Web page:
Choosing CVS with Reserved or Unreserved checkouts.

What is CVS?

CVS is the Concurrent Version System from the Free Software Foundation (GNU). It is re-distributed by several other vendors.

The Concurrent Versions System is a front end to the RCS revision control system which is similar to but is often considered to be better than, SCCS (e.g.: RCS baselines the most recent version and keeps deltas for earlier ones).

CVS can be used with a shared or non-shared central repository (single user mode is also known as :local: mode).

If you have not already done so, please read A methodology to Uniface source code control before you continue with these topics and examples.

Reserved versus Unreserved checkouts

The software development methodology which CVS is designed for is unusual to most configuration managers and software developers who have used other version control tools. This methodology is known as Unreserved Checkouts.

For this reason it may not be the ideal choice of version control. Naturally UD6 works equally well with all other commercial source code managers including PVCS Dimensions, ClearCase, Visual SourceSafe and many others.

Reserved checkouts

This is the most common form of source code management. A central "checked out" copy of the source code is maintained, and developers check out the piece(s) of code they are working on. These are copied to an area where the developer can update the file.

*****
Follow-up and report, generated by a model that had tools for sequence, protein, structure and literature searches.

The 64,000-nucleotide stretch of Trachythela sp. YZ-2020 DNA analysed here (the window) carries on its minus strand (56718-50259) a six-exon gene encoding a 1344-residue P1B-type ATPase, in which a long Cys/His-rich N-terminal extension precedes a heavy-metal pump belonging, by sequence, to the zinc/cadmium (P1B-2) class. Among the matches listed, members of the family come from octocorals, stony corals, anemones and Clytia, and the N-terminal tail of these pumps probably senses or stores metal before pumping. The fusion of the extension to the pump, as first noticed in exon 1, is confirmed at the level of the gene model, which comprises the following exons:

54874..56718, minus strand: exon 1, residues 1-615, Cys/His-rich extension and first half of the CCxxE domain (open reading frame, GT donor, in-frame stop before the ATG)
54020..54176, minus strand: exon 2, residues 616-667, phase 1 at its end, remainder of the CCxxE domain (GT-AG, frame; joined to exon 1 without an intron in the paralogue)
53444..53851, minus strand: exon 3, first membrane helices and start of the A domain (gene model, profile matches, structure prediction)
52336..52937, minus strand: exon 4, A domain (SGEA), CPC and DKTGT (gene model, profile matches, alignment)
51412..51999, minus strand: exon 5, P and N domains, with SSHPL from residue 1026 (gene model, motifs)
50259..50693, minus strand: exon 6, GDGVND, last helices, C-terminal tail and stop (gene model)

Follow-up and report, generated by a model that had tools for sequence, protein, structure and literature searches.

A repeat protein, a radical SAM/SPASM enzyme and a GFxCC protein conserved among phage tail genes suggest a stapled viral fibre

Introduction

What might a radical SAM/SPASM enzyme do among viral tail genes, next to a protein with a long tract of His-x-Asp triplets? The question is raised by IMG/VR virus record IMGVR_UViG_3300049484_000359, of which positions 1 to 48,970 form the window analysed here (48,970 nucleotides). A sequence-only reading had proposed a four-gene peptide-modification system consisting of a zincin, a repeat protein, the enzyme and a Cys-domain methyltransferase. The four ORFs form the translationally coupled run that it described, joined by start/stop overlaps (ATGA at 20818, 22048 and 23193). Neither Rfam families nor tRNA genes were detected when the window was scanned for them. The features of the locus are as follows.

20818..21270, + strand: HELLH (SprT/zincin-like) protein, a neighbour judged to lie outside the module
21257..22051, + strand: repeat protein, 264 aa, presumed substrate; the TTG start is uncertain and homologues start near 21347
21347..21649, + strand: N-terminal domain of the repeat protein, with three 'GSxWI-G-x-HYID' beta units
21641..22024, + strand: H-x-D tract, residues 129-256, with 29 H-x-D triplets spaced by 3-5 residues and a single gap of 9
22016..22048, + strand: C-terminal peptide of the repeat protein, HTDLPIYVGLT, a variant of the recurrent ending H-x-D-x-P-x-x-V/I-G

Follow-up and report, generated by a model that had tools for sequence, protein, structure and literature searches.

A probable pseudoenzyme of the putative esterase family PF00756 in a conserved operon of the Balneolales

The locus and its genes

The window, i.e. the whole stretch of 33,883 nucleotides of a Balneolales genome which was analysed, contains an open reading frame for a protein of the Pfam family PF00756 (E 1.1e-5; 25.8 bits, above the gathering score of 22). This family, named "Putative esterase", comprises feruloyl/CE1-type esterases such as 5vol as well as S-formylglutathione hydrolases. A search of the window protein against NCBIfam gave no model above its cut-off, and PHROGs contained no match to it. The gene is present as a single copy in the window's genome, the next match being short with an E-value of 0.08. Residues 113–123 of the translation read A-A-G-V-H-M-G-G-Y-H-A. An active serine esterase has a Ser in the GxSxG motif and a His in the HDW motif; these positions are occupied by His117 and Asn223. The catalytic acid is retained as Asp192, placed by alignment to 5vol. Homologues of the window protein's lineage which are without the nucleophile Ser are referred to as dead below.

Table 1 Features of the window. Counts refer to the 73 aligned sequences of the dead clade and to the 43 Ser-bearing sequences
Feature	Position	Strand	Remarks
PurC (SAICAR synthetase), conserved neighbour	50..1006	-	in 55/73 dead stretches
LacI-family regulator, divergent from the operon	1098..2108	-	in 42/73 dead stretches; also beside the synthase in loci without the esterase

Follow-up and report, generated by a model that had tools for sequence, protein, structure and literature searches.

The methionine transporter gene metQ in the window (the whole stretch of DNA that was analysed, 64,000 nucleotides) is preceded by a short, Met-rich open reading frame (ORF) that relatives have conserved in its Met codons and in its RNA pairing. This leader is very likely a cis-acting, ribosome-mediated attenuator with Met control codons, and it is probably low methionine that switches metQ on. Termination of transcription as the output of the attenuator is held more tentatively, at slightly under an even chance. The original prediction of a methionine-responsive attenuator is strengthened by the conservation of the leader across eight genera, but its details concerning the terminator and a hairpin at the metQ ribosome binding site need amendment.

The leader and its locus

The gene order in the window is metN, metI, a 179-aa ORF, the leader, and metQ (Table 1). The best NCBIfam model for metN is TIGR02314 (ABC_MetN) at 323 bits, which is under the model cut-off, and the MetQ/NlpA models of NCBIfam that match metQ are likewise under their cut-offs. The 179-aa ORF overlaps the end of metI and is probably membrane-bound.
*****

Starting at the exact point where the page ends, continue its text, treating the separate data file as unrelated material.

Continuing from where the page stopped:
When the developer is finished, the file can be checked back in, and the "Reference area" updated. Multiple developers cannot usually work on the same file at the same time using this technique.

We have provided a guide for how UD6 and Uniface can be used with CVS in this manner, however since CVS is not designed to work this way most manuals or 3rd party software (such as WinCVS) will not work well with CVS when used this way.

Unreserved checkouts

Most CVS users use this technique.

A central repository of all versions of the software exists in a central location (usually a server), and each developer has their own complete copy of the source code tree (usually on a local disk).

Developers can be automatically informed when a file they are using is modified by someone else (known as a watch).

Changes performed by 2 developers at the same time are merged when the code is checked in.

Many 3rd party tools exist to simplify using CVS in this mode including several tools for Windows: WinCVS and Tortoise.

March hare have also provided a guide for Uniface users who want to use UD6 with CVS in this configuration.

A methodology to Uniface source code control
CVS Reserved Checkouts
CVS Unreserved Checkouts

UD6 Overview

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